Part 1-

Here’s the background.  Somewhere in the early nineties (all the younguns amongst us just sucked in their breaths and muttered something about being born around then.  Shut up.  One day, you’ll meet a kid that was born in 2010, and he’s going to think you’re a fossil.  You think you believe that now, but just wait.  It still hits you like a truck.  I told a cub scout the other day that I was born in 1965.  He looked at me funny and said that didn’t sound like a year to him. Years, you see, start with a ‘2’)

ahem.  So.  Somewhere in the early nineties, my buddy Mike called up and said that he was going to take a kayaking class at the local university and did I want to go, too.

Hell yeah.

I had canoed with the family as a kid, and my younger brother had stowed his kayak in my apartment for a time.  I wanted to get back on a river or two and that kayak had been an attractive nuisance, to borrow a legal term.  I’d promised not to take it out and wreck it (It was an old fiberglass Phoenix I think.) but it was a close thing.

So Mike and I took the class.  It was once a week, I guess, but as we progressed, the teachers (Hey, Tony!  Hey, Jim!) told us about the Bluff City Canoe Club and Roll Practice.  The one was a group of paddlers with group trips to various and sundry rivers and the latter was the group’s time at the YMCA (sing!) to practice and perfect our boat rolls.  For any non-kayaker reading- when a kayak or canoe flips over in whitewater, you don’t want to have to get out and swim around and dump out the boat and all that.  More efficient to roll the boat back over while sitting in it. It’s a lovely skill to have.  If you have ever referred to a kayak as “Them boats that roll themselves back up”, then don’t do it again.  They don’t.

The upshot is, Mike and I immersed ourselves in kayaking.  We were in boats, or meetings about boats, three and maybe four times a week.  It was great.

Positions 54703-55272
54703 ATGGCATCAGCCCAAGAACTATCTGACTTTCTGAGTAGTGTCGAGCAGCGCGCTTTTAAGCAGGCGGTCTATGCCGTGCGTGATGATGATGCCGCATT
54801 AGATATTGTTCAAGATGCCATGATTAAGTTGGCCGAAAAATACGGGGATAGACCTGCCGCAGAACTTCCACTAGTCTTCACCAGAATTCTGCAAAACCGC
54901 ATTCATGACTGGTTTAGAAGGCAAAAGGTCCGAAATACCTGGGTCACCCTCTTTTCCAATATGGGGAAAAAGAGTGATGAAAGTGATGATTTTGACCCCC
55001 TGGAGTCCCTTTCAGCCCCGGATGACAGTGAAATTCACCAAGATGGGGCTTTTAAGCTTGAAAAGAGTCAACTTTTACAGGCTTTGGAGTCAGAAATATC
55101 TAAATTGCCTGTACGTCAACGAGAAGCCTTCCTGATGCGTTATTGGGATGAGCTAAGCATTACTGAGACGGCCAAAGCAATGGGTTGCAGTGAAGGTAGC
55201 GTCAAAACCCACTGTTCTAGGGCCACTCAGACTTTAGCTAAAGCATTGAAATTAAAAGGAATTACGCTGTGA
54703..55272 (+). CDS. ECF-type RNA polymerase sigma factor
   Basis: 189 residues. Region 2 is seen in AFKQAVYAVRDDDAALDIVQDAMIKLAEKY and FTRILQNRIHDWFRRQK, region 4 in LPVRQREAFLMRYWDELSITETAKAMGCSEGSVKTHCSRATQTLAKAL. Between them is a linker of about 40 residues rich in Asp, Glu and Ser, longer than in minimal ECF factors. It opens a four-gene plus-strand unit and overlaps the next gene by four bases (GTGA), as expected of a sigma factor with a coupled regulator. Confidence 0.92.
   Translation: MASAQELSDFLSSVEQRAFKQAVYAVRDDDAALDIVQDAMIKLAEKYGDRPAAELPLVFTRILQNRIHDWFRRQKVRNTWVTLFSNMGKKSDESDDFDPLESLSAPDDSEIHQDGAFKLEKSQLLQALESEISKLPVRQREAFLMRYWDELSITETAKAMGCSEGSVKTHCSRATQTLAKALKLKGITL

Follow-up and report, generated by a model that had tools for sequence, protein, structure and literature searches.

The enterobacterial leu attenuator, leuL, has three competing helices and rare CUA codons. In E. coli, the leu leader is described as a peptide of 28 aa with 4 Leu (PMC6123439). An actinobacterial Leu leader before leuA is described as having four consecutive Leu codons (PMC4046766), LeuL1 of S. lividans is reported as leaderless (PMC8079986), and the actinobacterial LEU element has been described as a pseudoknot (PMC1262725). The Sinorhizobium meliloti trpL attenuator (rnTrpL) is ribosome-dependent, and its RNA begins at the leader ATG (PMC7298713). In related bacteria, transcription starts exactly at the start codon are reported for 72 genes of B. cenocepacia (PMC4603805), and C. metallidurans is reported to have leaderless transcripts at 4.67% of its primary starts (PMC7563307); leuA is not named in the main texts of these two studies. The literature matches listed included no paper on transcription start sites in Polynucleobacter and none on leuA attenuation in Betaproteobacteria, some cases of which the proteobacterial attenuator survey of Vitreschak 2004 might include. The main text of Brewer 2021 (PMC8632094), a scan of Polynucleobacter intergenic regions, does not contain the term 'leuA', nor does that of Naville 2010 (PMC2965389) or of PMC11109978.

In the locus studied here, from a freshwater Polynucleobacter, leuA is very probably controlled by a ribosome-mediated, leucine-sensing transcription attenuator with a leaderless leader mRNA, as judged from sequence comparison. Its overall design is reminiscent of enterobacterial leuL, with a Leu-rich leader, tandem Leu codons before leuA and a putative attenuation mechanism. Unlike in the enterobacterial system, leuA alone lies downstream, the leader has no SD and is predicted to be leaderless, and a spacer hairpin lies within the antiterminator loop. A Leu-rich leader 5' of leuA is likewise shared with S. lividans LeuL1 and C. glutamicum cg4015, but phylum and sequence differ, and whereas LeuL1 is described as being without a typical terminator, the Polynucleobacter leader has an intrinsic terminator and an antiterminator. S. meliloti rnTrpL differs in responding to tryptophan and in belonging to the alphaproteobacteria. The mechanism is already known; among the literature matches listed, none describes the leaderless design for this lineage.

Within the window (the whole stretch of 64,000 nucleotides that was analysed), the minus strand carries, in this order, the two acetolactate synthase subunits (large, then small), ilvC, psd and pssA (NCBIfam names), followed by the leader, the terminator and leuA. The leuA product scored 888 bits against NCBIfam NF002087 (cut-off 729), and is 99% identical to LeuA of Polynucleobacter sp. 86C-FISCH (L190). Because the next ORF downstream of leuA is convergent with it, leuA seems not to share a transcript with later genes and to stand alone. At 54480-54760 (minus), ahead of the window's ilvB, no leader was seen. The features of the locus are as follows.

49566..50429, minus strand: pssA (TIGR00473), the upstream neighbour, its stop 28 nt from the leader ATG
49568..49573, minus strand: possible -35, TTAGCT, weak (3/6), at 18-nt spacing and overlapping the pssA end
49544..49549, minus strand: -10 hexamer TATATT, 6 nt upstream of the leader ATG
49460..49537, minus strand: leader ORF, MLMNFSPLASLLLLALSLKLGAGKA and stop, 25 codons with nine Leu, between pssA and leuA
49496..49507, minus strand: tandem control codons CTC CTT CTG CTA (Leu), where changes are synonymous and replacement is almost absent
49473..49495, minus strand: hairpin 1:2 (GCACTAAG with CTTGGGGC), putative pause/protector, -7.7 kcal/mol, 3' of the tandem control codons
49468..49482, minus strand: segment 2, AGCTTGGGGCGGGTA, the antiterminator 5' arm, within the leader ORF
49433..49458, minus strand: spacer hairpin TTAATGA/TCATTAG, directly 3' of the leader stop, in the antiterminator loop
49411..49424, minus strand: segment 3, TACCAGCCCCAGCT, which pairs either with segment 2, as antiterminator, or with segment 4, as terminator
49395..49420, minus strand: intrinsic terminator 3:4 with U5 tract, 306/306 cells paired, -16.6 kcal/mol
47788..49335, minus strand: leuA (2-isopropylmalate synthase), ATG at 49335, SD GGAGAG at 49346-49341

Then, of course, we started going to rivers.  As is usual and wise we started small and worked our way up to big.  The Spring river outside Hardy Arkansas to begin with, and the Gauley in West Virginia later on with lots of stuff in between.  The Ocoee River in the Southeast corner of Tennessee was a distinct favorite.

I’m putting all this in past tense because after ten years or so, I was able to make less and less time to paddle.  Raising kids and doing family stuff and career choices moved me steadily away from all that lovely, exciting, time-consuming whitewater kayaking and all the people I loved being with who kayaked.

And then, one day, I became the luckiest person I know.

When you hear what happened, you might think that David LeMay would be the luckiest, but I beg to differ.  It was me.

You see, private trips down the Grand Canyon are very limited.  They can’t hand one over to anyone who wants one.  The river would be clogged with people.  I think it would literally be clogged with people and their boats, and were that the case, the people who had wanted to be on the Grand Canyon would no longer want to, and that’d be a shame.  Anyhow, with demand so high, the park service limits the number of people they allow.  It used to be a waiting list, the length of which was legendary and ridiculous.  Another friend, Sonny Salomon, got on the list figuring that when his name finally came up, his grandson- who had not yet been born at the time- would be old enough to go with him.  Sound funny?  Not so much.  The list had gotten to be about fourteen years long, if I understand right.

So the Park Service changed the way they do things.  “From now on” they decreed, “we will have a lottery drawing.  Those who have been on our list will have more chances than those who have not already been on the list.  This is fair.”  And there was much talk about it.  I’m sure there were many people outraged and many very pleased and some of you never heard a damned thing about it.  Sonny was irritated, I believe.  He was finally getting close to the top of the list.  Sonny has a generous spirit, though, and hoped things would work out well.  They did, but not so much for Sonny as for David LeMay.

David, a warm-hearted, good person, about whom I’ve never heard a bad word, had never put himself on the Grand Canyon list.  But some nice people who’d had him along on an Idaho raft/kayak trip called up and explained about the Grand Canyon Lottery.  There are many rivers in Idaho that are on the same lottery system.  You should put your name in.  David, then, got online and put his name down in the Grand Canyon Lottery.  About two hours before it closed for the season.  He put down his first choice of trip dates on a prime couple of weeks, for the maximum number of people, and promptly forgot about it.  Until he was notified that he got his first pick.

No kidding.  Last minute.  First time. New Lottery.  Bam.

And that’s why you might call David LeMay the luckiest guy ever.

Except for this:  There were sixteen slots open on the trip.  Most of them were taken by David, the kayakers that’d introduced him to the Idaho raft group, the Idaho raft group itself, Jason Salomon (Son of Sonny) and Mike who was mentioned earlier.  They offered the last spot to me.  I’m not fooling myself that I was the only one they asked, but I was asked, and I accepted.

So, you see.  I was the luckiest person I know.